The initial allergic reaction to a food usually indicates the potential nature and severity of any subsequent reactions. For example, if the child had anaphylaxis after ingesting peanut, then anaphylaxis is likely to develop after subsequent exposures. However, caregivers need to be aware that subsequent reactions may be severe even when the initial reaction was very mild. For children in school, caregivers should provide a list of potential symptoms based on their child’s initial reaction but make sure that teachers are prepared for the worst possible reaction.

Asthma is one of the risk factors for near-fatal or fatal food allergy reactions. Other risk factors include previous history of anaphylaxis and allergy to peanut, tree nut, egg, fish, or shellfish. Teenagers with food allergies are at higher risk for fatal or near-fatal anaphylaxis than children with food allergies.6

Approach to schoolchildren with peanut allergy. This involves education and an emergency action plan. Education of the child, family, and school personnel addresses:

•How to avoid accidental peanut exposure.

•How to recognize and manage the early symptoms of an allergic reaction.

The importance of reading food labels and advisory labels that indicate possible cross-contamination with peanuts should be stressed. Families and teachers should be able to anticipate reactions to nonfood sources, such as materials used for crafts.

A basic rule is that food sharing or trading foods among children is not allowed in school. The child should eat only food prepared at home and avoid cafeteria food as well as food brought into school for birthdays or holidays. When old enough, the child can be taught how to read food labels and ask a teacher or school staff member whether a food item is safe for them to eat. All children in the classroom should wash hands after eating, make sure surfaces are cleaned, and store lunches in a designated location.

Although life-threatening reactions to peanuts usually result from ingestion, allergic reactions may result from inhalation or contact with surfaces that have been exposed to peanuts. Commercial sanitizing products, such as Formula 409, Lysol Sanitizing Wipes, and Target Brand Cleaner with Bleach, have been shown to effectively remove peanut allergen from surfaces, whereas dishwashing liquid left traces of allergen.8 For removing peanut allergen from hands, liquid or bar soap and sanitizing wipes for skin were more effective than antibacterial hand sanitizer.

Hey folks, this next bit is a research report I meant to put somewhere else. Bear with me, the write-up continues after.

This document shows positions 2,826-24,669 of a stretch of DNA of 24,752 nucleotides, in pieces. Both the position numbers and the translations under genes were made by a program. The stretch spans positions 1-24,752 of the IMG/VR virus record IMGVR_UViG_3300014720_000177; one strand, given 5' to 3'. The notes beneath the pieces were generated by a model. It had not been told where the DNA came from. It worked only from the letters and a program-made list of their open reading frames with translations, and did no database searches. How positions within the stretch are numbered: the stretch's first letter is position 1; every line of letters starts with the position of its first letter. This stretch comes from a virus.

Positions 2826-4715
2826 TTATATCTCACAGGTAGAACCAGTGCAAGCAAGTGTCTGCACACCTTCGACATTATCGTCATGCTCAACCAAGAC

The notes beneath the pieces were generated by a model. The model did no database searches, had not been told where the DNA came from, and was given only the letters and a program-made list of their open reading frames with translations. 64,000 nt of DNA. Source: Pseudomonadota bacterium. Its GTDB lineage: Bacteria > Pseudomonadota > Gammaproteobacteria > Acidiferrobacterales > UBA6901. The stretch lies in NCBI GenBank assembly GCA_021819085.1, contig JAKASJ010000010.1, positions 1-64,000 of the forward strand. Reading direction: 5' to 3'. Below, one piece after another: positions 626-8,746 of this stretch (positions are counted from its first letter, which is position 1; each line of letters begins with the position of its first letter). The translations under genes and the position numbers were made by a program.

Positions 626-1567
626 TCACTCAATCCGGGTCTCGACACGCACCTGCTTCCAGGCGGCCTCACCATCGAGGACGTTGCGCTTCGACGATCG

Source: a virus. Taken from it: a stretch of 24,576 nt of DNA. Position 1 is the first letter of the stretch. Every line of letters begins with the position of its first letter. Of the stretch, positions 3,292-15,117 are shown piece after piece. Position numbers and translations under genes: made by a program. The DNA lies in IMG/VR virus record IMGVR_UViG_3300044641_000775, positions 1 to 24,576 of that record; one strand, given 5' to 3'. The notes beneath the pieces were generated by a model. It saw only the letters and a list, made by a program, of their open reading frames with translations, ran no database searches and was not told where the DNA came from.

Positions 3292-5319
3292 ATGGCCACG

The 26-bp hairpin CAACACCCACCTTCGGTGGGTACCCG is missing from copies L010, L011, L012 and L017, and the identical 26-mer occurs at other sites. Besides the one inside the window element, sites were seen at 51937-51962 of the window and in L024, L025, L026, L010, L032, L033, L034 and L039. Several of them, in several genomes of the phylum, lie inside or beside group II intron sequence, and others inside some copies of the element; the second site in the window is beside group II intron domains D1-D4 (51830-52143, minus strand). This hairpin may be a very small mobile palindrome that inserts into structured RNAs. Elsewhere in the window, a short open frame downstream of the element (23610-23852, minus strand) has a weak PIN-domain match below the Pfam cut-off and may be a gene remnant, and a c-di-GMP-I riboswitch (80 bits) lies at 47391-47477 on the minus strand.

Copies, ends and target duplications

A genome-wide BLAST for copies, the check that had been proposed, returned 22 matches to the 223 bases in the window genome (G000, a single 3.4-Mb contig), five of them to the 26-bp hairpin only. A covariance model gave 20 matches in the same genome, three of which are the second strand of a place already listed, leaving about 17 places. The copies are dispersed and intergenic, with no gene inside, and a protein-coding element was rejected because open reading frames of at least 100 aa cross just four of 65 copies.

Highly processed peanut oils (acid-extracted, heat-distilled oils) do not contain peanut protein and can be consumed by peanut-allergic patients; however, cold-pressed or extruded peanut oils should be avoided.8 It is usually advised that children who are allergic to peanuts also avoid tree nuts because of cross-contamination concerns.

An emergency action plan, also known as an anaphylaxis action plan, provides specific instructions for the child, family, and school personnel in the event of an acute reaction. Self-injectable epinephrine, 2 doses for the school and 2 doses for the family, is prescribed. The treatment regimen is listed in the Table.

treatment of peanut allergy

The family must notify the school about the child’s food allergy and share a copy of the action plan with the child’s teachers and the school nurse. The action plan should be as simple as possible and include the child’s name and preferably his or her photo, allergic foods, symptoms of anaphylaxis, and treatment regimen (including the doses of epinephrine and diphenhydra-mine). The doses will need to be updated annually as the child grows. The action plan should also include instructions to call 911 immediately when epinephrine is administered.

A sample Food Allergy Action Plan can be downloaded from the Food Allergy & Anaphylaxis Network at Other educational materials for families and schools are available at